Chachawarmi: Rhetorics and Lived Realities

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Abstract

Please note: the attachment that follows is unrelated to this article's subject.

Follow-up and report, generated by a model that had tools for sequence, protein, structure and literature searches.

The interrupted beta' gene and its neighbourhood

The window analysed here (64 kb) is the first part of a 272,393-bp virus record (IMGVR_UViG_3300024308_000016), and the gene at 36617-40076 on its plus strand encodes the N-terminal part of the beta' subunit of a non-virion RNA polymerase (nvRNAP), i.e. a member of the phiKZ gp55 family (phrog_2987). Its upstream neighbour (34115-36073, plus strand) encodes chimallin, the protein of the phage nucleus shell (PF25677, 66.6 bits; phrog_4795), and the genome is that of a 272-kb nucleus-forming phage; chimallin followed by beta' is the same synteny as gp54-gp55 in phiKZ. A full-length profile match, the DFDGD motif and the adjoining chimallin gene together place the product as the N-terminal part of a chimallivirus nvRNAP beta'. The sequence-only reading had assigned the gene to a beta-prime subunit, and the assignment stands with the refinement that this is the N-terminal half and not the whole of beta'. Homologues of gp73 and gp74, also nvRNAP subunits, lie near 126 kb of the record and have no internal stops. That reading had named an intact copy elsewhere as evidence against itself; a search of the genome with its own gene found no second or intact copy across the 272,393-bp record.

Latin America's turn away from neoliberalism and adoption of decolonising alternatives to development has been spearheaded—nowhere more so than Bolivia—by indigenous movements. The gender ideology of chachawarmi is part of this decolonisation programme, but has been criticised for disguising gendered exploitation. These tensions are explored by looking at, in Escobar's words, ‘the concrete struggles within particular communities’. Based on long-term research in rural Bolivia, this article situates the chachawarmi ideal in the multiple influences on the recreation of gender identities, and considers the complex ways in which chachawarmi as mobilised politically may influence gendered power.

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